According to the company, problems with the ignition switch were first detected in 2004. At the time, an investigation was opened into the problem, but it was "closed with no action" upon "consideration of the lead time required, cost, and effectiveness of [a number of potential solutions]." In 2005, the problem was again brought up, and engineers considered changing the ignition key from a slot to a hole shape, to keep the key from shifting and triggering the engine to turn off. The proposal was approved, but ultimately cancelled. Instead, the company provided key inserts to GM dealers to fit over the slot. However, in 2006 the engineers did switch over to the new design, but without noting the change in the part number for the ignition switch. According to Automative News, the "scant documentation of the change impeded GM's years-long search for clues," and was a breach of normal procedure:
Not assigning the new part number would have been highly unusual, according to three people who worked as high-level GM engineers at the time. None of the engineers was involved in the handling of the ignition switch; all asked that their names not be used because of the sensitivity of the matter. "Changing the fit, form or function of a part without making a part number change is a cardinal sin," said one of the engineers. "It would have been an extraordinary violation of internal processes."
In 2007 and 2009, investigations were opened into fatal crashes likely caused by the faulty part in 2005-2007 Cobalt models. Several years (and investigations) later, recalls were finally instituted for 2005-2007 Chevy Cobalt and Pontiac G5; 2003-2007 Saturn Ion; 2006-2007 Pontiac Pursuit; 2006-2007 Pontiac Solstice; and 2007 Saturn Sky vehicles. That amounts to 1.6 million cars. At least 13 deaths have been linked to the shoddy part, according to GM.
Intimidating families of victims
Earlier this week, the New York Times reported that while GM was dealing with the mess of its hushed investigation, it was misleading grieving families and pressuring them to drop wrongful death lawsuits. The Times reports:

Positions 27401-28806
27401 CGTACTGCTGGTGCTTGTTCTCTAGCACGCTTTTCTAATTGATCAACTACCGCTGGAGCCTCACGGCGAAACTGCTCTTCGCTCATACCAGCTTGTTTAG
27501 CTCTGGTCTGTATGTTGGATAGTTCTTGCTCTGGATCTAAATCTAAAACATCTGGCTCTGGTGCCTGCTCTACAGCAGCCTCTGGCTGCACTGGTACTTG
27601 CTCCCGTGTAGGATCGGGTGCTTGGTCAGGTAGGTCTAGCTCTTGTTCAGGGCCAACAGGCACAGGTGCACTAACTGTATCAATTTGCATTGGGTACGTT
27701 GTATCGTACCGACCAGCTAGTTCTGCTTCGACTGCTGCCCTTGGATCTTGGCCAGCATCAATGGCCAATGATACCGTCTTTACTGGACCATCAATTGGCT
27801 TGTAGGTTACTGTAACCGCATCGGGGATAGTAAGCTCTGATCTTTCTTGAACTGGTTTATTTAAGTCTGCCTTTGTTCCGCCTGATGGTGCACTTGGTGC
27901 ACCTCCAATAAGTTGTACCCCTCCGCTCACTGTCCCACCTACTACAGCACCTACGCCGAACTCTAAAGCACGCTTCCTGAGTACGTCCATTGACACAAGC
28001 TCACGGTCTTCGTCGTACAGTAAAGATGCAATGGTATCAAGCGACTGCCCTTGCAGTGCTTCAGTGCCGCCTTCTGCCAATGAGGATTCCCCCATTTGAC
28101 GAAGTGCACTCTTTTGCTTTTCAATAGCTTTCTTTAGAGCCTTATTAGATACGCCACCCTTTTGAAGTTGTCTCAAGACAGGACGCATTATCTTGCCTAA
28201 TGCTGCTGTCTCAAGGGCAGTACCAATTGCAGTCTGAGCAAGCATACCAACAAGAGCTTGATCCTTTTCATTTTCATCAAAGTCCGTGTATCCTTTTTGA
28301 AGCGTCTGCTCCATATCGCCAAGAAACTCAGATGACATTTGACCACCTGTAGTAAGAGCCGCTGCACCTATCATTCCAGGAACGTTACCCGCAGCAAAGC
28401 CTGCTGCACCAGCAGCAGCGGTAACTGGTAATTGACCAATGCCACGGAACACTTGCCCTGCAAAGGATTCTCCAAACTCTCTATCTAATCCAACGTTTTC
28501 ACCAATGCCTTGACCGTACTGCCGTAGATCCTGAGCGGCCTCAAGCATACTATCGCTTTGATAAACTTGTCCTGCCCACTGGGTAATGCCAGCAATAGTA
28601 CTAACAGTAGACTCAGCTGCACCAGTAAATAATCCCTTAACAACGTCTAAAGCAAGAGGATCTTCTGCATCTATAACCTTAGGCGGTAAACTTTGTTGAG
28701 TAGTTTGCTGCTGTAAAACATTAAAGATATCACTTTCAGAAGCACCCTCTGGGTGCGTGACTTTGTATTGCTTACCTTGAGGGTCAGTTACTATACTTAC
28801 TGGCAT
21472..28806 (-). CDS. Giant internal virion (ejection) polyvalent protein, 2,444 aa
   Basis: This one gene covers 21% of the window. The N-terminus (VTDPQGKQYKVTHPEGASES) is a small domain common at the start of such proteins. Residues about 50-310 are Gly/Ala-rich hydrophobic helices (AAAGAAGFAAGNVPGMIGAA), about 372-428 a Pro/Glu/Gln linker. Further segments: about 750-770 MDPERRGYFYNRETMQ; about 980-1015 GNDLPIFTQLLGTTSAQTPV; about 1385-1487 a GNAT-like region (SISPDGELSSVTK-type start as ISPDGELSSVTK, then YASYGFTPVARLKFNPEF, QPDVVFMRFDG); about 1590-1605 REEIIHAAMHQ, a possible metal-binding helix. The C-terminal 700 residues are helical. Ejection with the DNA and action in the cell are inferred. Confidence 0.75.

At a meeting on May 15, 2009, they learned that data in the black boxes of Chevrolet Cobalts confirmed a potentially fatal defect existed in hundreds of thousands of cars. But in the months and years that followed, as a trove of internal documents and studies mounted, G.M. told the families of accident victims and other customers that it did not have enough evidence of any defect in their cars, interviews, letters and legal documents show.... in one case, G.M. threatened to come after the family of an accident victim for reimbursement of legal fees if the family did not withdraw its lawsuit. In another instance, it dismissed a family with a terse, formulaic letter, saying there was no basis for claims.
The New York Times reports that some families seeking legal action against GM opted to settle instead, agreeing to confidentiality terms that obscure GM's stance on the fatalities.
In 2009, GM famously received a massive government bailout after it filed for bankruptcy. This means that the company doesn't have to respond to legal claims filed prior to 2009 — which will make it difficult to build a case against the company. Some are calling for the company to waive this right in light of the decades-long neglect, but it seems it will be up to GM to make the final call. Unless, of course, Barra's performance next week prompts Congress to take more action.